Annual Report: Egypt 2013

Report
May 23, 2013

Annual Report: Egypt 2013

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Arab Republic of Egypt

Head of state Mohamed Morsi (replaced Hosni Mubarak)

Head of government Hisham Qandeel (replaced Kamal Ganzouri)

Protests against military rule resulted in the killing of at least 28 protesters by security forces in Cairo and Suez. Riot police and the army used excessive force to disperse protesters, who later alleged that they were tortured or otherwise ill-treated in custody. Protests, sometimes violent, by opponents and supporters of the President took place in November and December. Unfair trials by Emergency Supreme State Security Courts continued and security forces continued to act above the law. Former President Hosni Mubarak and the former Minister of Interior were sentenced to life imprisonment for killings of protesters during the 2011 uprising; many other suspected perpetrators were acquitted. No members of the Supreme Council of the Armed Forces (SCAF) were held to account for violations committed during their rule. President Mohamed Morsi established a committee to investigate violations committed between January 2011 and June 2012. He issued pardons for some civilians tried by military courts and a general amnesty for offences by protesters during demonstrations against military rule. Discrimination against religious minorities persisted. Journalists and activists were prosecuted for “insulting the President” and blasphemy. Women faced discrimination in law and practice as well as widespread sexual harassment. Thousands of families continued to live in “unsafe areas” in informal settlements (slums), while thousands more faced threats of forced eviction. Migrants were reportedly killed by security forces while attempting to cross into Israel or were exploited by traffickers in the Sinai Peninsula. At least 91 people were sentenced to death. It was not known whether there were any executions.

Background

A newly elected parliament met for the first time on 23 January. In March, parliament appointed a 100-member Constituent Assembly to draft Egypt’s new Constitution. The Constituent Assembly was dominated by Islamist parties and criticized for including only six women and six Coptic Christians. It was suspended by an administrative court on 10 April following a legal challenge. With the expiry of the 31-year state of emergency in May, the authorities tried to preserve some exceptional powers; on 13 June the Ministry of Justice gave military and intelligence officers powers to arrest, but an administrative court quickly overturned the move. Parliament approved a new Constituent Assembly in June, which faced fresh lawsuits and was increasingly boycotted by opposition political parties, civil society and the Coptic Christian Church. On 16 June, the SCAF dissolved parliament, following a Supreme Constitutional Court ruling that the elections had been unconstitutional. On 17 June, days before the result of the presidential elections, the SCAF widely expanded its own powers and limited those of the incoming administration. On 12 August, newly elected President Morsi announced that he had overturned the SCAF’s new powers, and that SCAF leader Mohamed Tantawi was to retire. The announcement followed an attack by an armed group in the Sinai Peninsula which killed 16 soldiers. The authorities subsequently launched a security crackdown in the area.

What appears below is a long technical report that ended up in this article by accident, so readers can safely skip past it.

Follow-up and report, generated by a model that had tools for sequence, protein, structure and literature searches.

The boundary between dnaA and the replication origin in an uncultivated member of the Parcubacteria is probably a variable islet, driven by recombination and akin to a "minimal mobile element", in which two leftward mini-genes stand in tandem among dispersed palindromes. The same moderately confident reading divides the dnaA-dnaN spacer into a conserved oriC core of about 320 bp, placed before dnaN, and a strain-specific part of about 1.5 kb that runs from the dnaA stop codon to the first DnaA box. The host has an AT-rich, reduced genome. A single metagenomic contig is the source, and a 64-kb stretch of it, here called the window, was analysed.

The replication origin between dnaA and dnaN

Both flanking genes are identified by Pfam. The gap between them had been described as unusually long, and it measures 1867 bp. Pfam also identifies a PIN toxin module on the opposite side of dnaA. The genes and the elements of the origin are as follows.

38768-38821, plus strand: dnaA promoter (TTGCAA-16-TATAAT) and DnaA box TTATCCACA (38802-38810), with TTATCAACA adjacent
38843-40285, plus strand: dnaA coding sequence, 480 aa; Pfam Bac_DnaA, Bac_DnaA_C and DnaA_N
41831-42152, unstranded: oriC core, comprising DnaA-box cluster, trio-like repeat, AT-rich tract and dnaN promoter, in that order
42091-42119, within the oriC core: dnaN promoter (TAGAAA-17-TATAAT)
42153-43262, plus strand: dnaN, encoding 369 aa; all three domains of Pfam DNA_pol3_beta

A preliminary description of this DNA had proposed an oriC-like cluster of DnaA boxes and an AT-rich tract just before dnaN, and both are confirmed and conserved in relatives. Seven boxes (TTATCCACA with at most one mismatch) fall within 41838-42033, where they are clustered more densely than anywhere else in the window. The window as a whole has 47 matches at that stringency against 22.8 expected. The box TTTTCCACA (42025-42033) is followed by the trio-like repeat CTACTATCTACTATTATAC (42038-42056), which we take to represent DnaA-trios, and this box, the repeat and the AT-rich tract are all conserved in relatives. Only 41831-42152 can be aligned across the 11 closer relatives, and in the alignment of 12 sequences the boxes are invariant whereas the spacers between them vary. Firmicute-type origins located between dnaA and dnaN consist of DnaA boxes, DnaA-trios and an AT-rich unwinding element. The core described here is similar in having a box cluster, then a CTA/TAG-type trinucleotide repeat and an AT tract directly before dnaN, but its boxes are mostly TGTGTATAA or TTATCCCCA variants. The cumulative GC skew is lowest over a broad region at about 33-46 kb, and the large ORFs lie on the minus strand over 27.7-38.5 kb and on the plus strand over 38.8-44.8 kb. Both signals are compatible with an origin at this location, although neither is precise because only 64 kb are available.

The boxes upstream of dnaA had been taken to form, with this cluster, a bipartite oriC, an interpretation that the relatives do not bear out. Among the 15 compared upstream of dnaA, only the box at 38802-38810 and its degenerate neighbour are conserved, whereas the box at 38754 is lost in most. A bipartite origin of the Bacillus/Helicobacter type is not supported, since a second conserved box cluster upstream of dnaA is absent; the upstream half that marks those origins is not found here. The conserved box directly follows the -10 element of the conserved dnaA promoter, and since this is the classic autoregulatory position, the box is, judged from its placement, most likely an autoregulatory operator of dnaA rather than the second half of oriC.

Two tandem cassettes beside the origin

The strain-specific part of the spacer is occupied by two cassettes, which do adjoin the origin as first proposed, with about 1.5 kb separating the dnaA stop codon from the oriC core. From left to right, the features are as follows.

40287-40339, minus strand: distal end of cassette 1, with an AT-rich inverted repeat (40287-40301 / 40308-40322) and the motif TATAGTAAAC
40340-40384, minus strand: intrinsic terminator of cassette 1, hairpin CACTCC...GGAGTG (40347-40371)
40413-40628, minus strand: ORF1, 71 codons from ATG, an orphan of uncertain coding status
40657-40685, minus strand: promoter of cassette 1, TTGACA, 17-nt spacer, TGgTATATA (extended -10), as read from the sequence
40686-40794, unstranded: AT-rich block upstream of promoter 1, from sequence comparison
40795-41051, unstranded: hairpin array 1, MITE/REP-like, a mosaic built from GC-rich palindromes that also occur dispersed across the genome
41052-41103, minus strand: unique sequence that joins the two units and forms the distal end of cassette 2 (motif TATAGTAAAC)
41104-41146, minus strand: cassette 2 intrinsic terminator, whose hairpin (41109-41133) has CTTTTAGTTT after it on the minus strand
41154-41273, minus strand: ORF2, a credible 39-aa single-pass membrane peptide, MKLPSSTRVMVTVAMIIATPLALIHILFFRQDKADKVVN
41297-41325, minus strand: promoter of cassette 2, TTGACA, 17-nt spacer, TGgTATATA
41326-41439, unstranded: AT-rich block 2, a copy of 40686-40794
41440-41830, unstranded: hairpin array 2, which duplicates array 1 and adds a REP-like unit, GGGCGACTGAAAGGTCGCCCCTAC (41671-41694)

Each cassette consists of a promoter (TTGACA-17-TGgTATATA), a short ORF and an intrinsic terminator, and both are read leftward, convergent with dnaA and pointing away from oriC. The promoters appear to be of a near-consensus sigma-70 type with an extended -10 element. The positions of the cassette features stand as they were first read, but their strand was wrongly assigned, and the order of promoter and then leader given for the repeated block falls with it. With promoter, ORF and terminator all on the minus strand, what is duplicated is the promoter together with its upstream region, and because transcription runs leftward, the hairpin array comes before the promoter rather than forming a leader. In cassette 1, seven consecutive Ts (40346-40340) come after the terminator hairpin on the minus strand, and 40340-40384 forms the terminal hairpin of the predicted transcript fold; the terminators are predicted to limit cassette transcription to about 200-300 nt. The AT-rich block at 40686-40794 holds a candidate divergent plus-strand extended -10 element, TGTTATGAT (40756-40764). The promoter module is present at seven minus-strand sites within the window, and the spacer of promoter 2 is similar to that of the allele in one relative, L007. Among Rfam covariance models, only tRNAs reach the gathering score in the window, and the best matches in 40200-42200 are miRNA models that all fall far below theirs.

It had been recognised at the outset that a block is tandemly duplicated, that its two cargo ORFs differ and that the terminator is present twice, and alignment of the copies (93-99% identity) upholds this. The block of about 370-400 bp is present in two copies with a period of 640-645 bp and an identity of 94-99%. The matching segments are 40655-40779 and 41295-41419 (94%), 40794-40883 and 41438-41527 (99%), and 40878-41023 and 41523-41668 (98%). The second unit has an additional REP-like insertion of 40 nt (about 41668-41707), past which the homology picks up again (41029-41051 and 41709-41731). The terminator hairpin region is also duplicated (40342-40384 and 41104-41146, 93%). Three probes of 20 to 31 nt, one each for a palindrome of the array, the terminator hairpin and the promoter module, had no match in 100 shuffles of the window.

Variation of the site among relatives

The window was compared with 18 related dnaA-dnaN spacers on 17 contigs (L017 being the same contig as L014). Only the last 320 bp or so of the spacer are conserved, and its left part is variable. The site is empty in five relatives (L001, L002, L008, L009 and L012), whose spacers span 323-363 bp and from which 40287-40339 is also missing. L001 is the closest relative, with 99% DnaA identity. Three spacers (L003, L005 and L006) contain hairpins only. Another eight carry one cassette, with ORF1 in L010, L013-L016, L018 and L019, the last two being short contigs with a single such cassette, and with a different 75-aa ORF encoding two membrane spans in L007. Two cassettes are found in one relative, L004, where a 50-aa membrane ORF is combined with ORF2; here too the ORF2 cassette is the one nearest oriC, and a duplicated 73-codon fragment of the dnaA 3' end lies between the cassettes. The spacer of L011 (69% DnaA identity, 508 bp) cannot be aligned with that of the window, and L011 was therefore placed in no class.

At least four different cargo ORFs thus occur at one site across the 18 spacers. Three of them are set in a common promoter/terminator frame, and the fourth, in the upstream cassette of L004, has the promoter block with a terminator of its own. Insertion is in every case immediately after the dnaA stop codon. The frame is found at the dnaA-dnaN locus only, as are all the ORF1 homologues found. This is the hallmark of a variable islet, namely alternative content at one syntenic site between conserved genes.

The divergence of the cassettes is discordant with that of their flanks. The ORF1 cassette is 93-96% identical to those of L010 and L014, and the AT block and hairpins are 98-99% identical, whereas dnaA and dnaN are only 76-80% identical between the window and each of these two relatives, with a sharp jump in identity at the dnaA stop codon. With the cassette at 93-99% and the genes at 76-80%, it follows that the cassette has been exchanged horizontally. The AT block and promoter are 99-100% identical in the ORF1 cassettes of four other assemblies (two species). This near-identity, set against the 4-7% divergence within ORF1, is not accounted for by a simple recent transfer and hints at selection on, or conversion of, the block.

On 22 November, President Morsi decreed that the courts could not challenge his decisions nor hear any lawsuit against the Constituent Assembly. President Morsi also issued a repressive new law to “protect the Revolution”, replaced the Public Prosecutor, and urged new investigations and prosecutions in cases of deaths of protesters. The Constituent Assembly finalized the draft Constitution on 30 November.

The decree and draft Constitution triggered nationwide protests and a judges’ strike, as well as incidents of violence between supporters and opponents of the President. On 5-6 December, at least 10 people were killed in clashes outside the Presidential Palace in Cairo. In response to the unrest, President Morsi partially lifted his decree on 8 December. The new Constitution was subsequently adopted in a national referendum in late December.